As the state continues to run without a budget, the news for towns and cities is grim as hundreds of millions of dollars are on the line.
On Wednesday, town leaders from Glastonbury, Ellington, Tolland and Newington gathered in South Windsor to rally against the cuts.
"I assure you that we are united in our commitment to education and in our frustration and dismay over the governor's executive order," South Windsor Mayor Carolyn Mirek said.
Gov. Dannel Malloy has been running the state through executive order since lawmakers failed to pass a budget nearly two months ago. Last week he proposed eliminating all education cost-sharing grants, known as ECS, from 85 school systems and significantly reducing it for 54 others.
"It's devastating. It's the entire $12 million gone," said South Windsor Board of Education member Rick Stahr.
Stahr said they thought they prepared for the worst but the numbers they're seeing from the governor are far more extreme.
"Our worst-case scenario was $3, maybe $4 million, and that's where we were hoping to keep it, somewhere around that. But now we're looking at three times that," Stahr said. "What is the impact? I don't know, but it's going to be very deep."
"Very frustrated when you see the millions of dollars not being provided to our town. It's just unbelievable," said Catherine Stahr, whose son will attend South Windsor High when school starts back up next week.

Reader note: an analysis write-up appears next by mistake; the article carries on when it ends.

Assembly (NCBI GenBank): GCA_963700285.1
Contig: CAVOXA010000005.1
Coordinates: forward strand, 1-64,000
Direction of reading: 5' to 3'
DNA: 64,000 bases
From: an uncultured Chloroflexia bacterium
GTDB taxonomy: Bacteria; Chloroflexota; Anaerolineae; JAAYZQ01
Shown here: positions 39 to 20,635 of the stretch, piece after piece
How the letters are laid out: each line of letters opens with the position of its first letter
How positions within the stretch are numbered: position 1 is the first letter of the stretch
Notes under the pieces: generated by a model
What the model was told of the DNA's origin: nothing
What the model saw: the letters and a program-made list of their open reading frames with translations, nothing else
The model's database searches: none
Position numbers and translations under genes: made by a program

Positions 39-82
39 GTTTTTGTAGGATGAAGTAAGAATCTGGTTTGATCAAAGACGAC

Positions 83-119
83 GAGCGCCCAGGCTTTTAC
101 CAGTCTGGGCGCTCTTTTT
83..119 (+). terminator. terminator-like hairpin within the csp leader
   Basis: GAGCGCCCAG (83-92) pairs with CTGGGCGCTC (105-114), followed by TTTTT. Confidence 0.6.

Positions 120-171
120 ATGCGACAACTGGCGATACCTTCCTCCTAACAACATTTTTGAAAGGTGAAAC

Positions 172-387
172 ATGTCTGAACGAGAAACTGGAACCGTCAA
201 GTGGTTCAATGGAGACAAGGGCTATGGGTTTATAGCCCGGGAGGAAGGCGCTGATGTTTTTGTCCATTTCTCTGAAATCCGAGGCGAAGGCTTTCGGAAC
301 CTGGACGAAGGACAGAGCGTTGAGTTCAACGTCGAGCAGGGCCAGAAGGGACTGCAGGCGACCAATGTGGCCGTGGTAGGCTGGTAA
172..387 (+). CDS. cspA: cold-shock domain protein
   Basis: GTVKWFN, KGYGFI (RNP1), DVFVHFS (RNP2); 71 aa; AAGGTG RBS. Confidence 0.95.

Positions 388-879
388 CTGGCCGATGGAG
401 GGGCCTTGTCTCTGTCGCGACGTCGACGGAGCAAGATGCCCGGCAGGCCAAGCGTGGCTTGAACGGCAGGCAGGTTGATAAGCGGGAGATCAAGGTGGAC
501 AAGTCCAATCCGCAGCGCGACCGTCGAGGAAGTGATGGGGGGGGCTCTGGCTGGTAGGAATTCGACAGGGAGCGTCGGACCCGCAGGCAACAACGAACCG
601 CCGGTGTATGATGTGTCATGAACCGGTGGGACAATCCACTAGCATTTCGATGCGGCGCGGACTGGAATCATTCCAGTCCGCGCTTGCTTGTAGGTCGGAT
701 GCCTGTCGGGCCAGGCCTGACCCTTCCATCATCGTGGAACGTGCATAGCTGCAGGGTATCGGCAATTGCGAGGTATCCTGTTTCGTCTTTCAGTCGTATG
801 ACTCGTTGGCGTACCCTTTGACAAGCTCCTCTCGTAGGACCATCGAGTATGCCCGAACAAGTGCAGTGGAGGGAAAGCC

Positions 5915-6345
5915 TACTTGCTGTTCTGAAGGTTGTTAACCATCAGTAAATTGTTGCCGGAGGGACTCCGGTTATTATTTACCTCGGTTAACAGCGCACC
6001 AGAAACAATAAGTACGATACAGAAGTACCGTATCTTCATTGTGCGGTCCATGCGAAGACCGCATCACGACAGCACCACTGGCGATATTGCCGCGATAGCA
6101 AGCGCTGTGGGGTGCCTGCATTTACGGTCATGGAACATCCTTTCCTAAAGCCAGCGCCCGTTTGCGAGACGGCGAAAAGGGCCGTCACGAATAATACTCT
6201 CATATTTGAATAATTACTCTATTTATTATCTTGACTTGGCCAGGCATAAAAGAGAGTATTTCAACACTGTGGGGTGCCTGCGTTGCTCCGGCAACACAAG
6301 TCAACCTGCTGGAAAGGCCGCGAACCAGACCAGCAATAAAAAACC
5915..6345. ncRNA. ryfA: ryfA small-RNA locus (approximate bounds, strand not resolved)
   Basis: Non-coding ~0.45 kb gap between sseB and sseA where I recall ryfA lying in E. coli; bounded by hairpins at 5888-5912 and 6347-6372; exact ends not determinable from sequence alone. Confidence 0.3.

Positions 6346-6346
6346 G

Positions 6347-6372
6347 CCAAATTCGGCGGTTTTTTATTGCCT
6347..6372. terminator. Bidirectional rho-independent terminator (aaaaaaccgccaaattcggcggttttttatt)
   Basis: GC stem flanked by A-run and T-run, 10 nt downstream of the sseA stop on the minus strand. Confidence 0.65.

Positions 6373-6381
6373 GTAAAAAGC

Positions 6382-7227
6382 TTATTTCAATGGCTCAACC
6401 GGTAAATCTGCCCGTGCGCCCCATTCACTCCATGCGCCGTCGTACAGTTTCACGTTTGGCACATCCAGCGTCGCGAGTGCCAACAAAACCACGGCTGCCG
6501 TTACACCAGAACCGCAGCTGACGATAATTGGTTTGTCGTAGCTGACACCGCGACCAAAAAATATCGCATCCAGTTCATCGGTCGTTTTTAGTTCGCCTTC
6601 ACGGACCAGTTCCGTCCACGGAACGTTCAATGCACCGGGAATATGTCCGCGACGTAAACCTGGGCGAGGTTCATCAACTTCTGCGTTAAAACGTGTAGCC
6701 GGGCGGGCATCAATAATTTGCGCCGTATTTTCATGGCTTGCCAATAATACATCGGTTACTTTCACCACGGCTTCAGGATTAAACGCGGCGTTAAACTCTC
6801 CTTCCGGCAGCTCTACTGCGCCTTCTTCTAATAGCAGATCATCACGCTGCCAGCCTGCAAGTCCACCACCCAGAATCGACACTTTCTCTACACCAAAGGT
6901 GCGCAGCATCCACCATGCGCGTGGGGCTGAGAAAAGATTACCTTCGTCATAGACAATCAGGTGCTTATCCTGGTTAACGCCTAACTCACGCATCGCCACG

She said the uncertainty is affecting students and staff.
"At least if we know what we're dealing with, we can deal with it, but not knowing what the budget is going to be, the ECS funding is going to be, just leaves everybody in limbo," said Catherine Stahr.
"The fact is we do not have a true education cost sharing formula that is fully funded or used the way it should be used here in Connecticut," said State Rep. Jeff Currey, (D-East Hartford, Manchester and South Windsor).
Currey was one of the several lawmakers who attended Wednesday's rally and said the House Democrats’ latest budget proposal was done as a bipartisan effort.
With Republicans expected to come out with a revised budget, the hope is that the end is in sight.
"If we can put the two of them together, we will have a good budget," said Rep Sam Belsito (R-Ashford, Tolland and Willington).
No vote is expected at the Capitol until the week of Sept. 11.